By Simon Kuper in The Financial Times, 15/16 December 2018

Share on Twitter (opens new window) Share on Facebook (opens new window) Share on LinkedIn (opens new window) Save Save to myFT Simon Kuper DECEMBER 13, 2018 Print this page133 I live along the main boulevard for protest marches in Paris. My children learnt the French popular word for demonstration (manif) aged about four. Sometimes, our street is so packed with protesters that you can hardly open the front door. But last Saturday, I gingerly stepped outside to encounter only a few hundred marchers in gilets jaunes (yellow vests). Later, on TV, I watched the tear gas and shoving on the Champs-Elysées. But the odd aerial camera shot revealed that the Champs was mostly empty. Friends abroad asked if we were safe. We were: I spent half the weekend freezing on suburban touchlines watching my kids play football.

About 10,000 gilets jaunes marched in Paris and 125,000 across France, says the government. That same day, the green “march for the climate” drew about twice as many protesters in Paris, plus unknown numbers in 120 French towns. (Some gilets jaunes marched with them.) Yet guess which protest dominated international news?

That’s largely because the mostly white working-class gilets jaunes, people who have to count every euro, are being interpreted as the next Trump or Brexit. Many media keep expecting to relive 2016, and this time they don’t want to be taken by surprise. So they now over-emphasise the political significance of any movement that looks white working class. But as they strain to spot the next Trump, they are overlooking other, possibly bigger political movements.

After 2016, we journalists felt stupid for ignoring the provinces and missing what had been brewing. The new hot take was that Trump and Brexit were the revenge of the economically “left behind”. This idea was always dubious. Trump voters in 2016 had higher average incomes than Hillary Clinton’s voters. More than 90 per cent had also voted Republican in 2012. Formerly Democratic Midwestern “Rust Belt” workers were only one pebble in the Trumpian mosaic.

Meanwhile, in Britain, the left-behind thesis might explain why poor Sunderland voted Brexit, but it doesn’t explain why rich Bournemouth did too. Danny Dorling, the Oxford geographer, describes Brexit as a mostly “middle-class” southern English movement. Brexit and Trump voters tend to be older, rural, male, lesser educated and white, but not necessarily “left behind”.

Yet since 2016, their leaders have presented them as “the people” defying the “elite” (as if the 65.9 million Americans who voted for Clinton were the elite, or not people). Too often, the media accepted this frame. For months, the BBC barely reported the supposedly elitist movement for a second referendum on Brexit. Last weekend BBC Politics tweeted, in populist language: “Are you worried Parliament will overrule the will of the people? Or are you hoping they will reverse the result of the referendum?”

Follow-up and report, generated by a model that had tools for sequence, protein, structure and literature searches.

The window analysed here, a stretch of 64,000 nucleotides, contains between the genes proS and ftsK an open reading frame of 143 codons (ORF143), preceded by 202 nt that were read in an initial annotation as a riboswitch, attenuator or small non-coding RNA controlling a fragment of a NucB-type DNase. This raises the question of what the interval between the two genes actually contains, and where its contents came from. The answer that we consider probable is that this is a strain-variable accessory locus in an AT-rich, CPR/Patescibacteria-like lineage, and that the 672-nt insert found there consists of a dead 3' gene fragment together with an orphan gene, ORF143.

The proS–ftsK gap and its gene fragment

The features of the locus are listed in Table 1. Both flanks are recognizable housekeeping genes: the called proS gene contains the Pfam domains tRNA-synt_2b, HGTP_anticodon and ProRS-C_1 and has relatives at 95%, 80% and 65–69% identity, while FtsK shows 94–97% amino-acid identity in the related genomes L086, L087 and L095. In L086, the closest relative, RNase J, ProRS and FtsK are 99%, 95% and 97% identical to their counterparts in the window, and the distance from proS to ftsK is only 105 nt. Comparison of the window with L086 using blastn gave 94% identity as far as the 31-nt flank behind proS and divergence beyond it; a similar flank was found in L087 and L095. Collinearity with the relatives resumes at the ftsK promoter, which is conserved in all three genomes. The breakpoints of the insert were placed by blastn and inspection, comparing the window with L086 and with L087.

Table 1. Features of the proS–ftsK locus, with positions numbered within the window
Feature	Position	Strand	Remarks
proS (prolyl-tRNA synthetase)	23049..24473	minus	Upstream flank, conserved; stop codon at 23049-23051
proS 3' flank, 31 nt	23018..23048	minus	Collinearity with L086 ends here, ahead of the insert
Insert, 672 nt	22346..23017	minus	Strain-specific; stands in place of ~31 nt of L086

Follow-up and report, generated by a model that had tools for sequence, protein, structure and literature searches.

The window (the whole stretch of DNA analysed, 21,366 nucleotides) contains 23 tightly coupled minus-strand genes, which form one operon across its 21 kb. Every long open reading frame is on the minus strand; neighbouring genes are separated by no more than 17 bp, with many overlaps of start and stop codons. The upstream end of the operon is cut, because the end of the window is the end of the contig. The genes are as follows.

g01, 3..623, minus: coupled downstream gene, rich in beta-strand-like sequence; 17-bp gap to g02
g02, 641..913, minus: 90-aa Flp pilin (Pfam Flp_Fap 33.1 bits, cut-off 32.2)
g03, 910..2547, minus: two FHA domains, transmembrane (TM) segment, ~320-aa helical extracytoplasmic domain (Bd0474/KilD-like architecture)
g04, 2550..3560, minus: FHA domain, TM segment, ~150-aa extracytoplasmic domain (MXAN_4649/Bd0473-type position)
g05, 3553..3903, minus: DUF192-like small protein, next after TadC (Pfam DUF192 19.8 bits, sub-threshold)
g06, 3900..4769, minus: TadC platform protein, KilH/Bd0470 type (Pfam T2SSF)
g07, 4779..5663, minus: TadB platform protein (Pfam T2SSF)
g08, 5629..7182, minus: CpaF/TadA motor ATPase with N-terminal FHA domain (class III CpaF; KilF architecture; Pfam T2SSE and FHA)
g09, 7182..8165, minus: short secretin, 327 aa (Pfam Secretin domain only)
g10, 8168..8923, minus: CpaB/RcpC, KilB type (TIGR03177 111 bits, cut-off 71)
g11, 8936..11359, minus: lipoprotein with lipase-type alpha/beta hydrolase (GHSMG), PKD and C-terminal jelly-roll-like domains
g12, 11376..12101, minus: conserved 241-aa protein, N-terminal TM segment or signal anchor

Populist movements get more coverage partly because they threaten or use violence. The gilets jaunes — most of whom genuinely are left behind — forced Emmanuel Macron into concessions and got on to worldwide TV only by setting the Champs-Elysées alight. (Even Iraqi state TV ran live coverage of Saturday’s Parisian unrest.) Trump’s threats against hecklers and journalists at rallies make better TV than, say, peaceful green marches. And many Britons fear a second vote partly because of Brexiter threats of violence. To cite one example, Nigel Farage warned at a dinner last year that he would “pick up a rifle” if his dream Brexit wasn’t delivered. In politics, violence — threatened or real — often works.

But populist movements may be the past, not the future. In November’s midterms, Trump’s Republicans lost the popular vote for the House of Representatives by 8.6 per cent — the biggest defeat for a majority party since records began in 1942. Meanwhile, as Brexit becomes increasingly hilarious, polls consistently show that most Britons now oppose it. Approval of the EU across the rest of Europe is the highest since 1983, says the European Commission’s polling wing.

And while the gilets jaunes are indeed a threat to Macron, they may be a bigger threat to his populist rival Marine Le Pen. Polling suggests that more than 40 per cent of gilets jaunes support her Rassemblement National. So if the gilets were to field candidates in next May’s European elections, they would cannibalise her vote. Meanwhile, populists face a demographic challenge: as educational levels rise, any movement relying on older, lesser-educated voters will struggle.

The new obsession with white-working-class politics misses much else. If you’re worried about poverty, look at very poor non-whites. And if you want to identify movements of the future, try the greens. For a so-called elitist movement, they seem pretty broad-based. About two-thirds of French people say they support the gilets jaunes, but 85 per cent worry about climate change, according to pollsters Ifop. In Germany, the much fussed-over far-right Alternative für Deutschland party now polls at 14 per cent; the Greens are six points higher. German anti-immigrant rallies (like Tommy Robinson’s British versions) are typically dwarfed by protests against them.

Last, the focus on “white working-class” discontent probably overstates total discontent. With most developed countries richer than ever, life expectancy higher than ever (except in the US), crime down since the 1990s, and the climate still quite benign, many people — not just the “elite” — might now like quite a lot of the status quo.

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